MEXICO CITY — Gunmen killed 15 federal police officers Monday in separate attacks in two drug-plagued states, marking one of the bloodiest days for security forces since the government stepped up its fight with drug cartels.
Twelve officers died in an ambush near a high school in the western state of Michoacan, while assailants killed three more officers in the northern border city of Ciudad Juarez.
The latest in a series of mass slayings came as President Felipe Calderon defended his crackdown on traffickers in an essay on his office's website. He vowed he won't back down despite criticism that violence has only surged since he deployed thousands of troops and federal police in late 2006 seeking to crush the cartels.
"I'm clearly convinced that we would be in a much worse situation if we hadn't decided to fight criminals," Calderon wrote in the 5,000-word essay, which was published by several newspapers.
"If we remain with our arms crossed, we will remain in the hands of organized crime, we will always live in fear," the president said in the essay, which also blames Mexico's violence on the United States' voracious appetitive for illegal drugs.
In the ambush in Michoacan, Calderon's home state, officers riding in four pickup trucks were returning from a patrol when they came under fire in the city of Zitacuaro, the federal Public Safety Department said in a statement.
Ten officers died on the spot and two more on the way to a hospital. Thirteen other officers with wounds were taken to hospitals in Mexico City, the nearby city of Toluca and to the Michoacan state capital, Morelia, the Michoacan Public Safety Department said in a statement.
The federal safety department said several assailants were also killed or wounded, but officials did not provide a number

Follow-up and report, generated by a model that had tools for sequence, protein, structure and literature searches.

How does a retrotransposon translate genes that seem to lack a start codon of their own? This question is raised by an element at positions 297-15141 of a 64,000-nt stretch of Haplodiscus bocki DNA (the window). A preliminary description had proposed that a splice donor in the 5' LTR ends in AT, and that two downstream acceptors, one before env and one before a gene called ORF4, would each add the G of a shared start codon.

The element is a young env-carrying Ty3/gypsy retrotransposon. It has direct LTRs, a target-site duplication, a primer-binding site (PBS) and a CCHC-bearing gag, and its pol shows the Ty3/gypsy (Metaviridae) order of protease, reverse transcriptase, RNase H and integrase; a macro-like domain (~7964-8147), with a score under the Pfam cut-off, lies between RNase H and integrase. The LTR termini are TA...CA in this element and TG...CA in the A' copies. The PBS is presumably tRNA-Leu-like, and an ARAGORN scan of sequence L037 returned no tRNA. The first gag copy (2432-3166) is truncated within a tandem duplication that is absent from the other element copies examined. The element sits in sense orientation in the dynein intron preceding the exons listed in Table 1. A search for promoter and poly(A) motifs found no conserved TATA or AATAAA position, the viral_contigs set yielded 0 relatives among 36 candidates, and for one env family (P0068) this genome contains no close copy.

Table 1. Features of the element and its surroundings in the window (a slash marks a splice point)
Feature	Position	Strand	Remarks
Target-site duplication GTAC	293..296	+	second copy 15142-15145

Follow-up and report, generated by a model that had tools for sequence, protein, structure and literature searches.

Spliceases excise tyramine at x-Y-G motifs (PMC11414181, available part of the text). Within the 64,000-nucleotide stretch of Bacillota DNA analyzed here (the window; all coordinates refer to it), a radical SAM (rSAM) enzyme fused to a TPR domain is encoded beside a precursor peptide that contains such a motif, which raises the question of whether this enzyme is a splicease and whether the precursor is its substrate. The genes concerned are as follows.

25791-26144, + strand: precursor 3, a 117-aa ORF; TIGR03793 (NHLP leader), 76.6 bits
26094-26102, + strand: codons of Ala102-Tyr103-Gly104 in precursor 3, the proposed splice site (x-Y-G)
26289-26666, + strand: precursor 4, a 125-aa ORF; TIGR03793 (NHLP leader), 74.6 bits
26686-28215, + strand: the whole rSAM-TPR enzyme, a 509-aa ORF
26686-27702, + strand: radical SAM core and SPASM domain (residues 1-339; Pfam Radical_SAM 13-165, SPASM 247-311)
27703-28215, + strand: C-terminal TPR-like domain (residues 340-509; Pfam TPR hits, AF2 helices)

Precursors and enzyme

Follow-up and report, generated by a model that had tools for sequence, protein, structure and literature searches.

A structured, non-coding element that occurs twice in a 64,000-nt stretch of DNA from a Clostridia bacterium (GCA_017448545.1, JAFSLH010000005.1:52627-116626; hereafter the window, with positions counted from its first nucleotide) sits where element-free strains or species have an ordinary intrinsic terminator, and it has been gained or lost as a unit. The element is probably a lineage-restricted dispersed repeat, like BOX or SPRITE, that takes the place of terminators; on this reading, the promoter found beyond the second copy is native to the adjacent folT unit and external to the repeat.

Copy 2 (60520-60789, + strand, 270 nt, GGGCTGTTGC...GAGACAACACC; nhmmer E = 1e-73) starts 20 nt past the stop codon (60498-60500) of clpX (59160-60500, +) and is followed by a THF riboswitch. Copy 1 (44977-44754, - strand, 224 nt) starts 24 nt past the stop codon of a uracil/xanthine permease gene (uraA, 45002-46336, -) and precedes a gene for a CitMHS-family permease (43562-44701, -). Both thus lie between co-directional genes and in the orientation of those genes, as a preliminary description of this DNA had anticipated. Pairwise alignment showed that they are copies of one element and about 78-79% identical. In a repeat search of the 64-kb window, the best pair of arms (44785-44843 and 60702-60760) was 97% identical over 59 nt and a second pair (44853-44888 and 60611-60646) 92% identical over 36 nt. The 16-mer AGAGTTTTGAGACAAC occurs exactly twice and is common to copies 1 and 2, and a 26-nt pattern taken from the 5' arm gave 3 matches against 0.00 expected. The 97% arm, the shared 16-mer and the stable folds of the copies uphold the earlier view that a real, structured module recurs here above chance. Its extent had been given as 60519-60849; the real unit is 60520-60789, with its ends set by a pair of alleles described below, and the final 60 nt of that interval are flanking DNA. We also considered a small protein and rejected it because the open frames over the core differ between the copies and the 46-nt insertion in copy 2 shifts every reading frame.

In a separate statement, the department said gunmen killed three federal officers patrolling in Ciudad Juarez, a violence-plagued city across the border from El Paso, Texas. One officer was wounded, the statement said.
Also Monday, three gunmen were killed in a clash with soldiers in Michoacan. Two soldiers were wounded, the state attorney general's office said. It said one of the attackers was detained.
Brutal drug-gang violence has swept Michoacan, a state known for its picturesque colonial capital, beaches and Monarch butterfly sanctuary, and as the place where Calderon first launched his crackdown. The state is a stronghold of La Familia, a cartel known for beheading its rivals and making bold attacks on government security forces.
Among attacks on law enforcement, the bloodied and tortured bodies of 12 federal agents were found last year dumped along a highway in Michoacan.
Police did not immediately identify attackers involved in Monday's ambush or indicate whether they were suspected of being gunmen for La Familia. But the Public Safety Department did say the assailants picked up their wounded and dead and fled with them, a tactic often used by drug cartels.
The U.S. State Department has issued a travel warning urging U.S. citizens "to exercise extreme caution when traveling in Michoacan."
Nationwide, more than 22,700 people have been killed in drug violence since Calderon ordered the government offensive against cartels when he took office in December 2006.
Associated Press Writer Gustavo Ruiz contributed to this report from Michoacan, Mexico.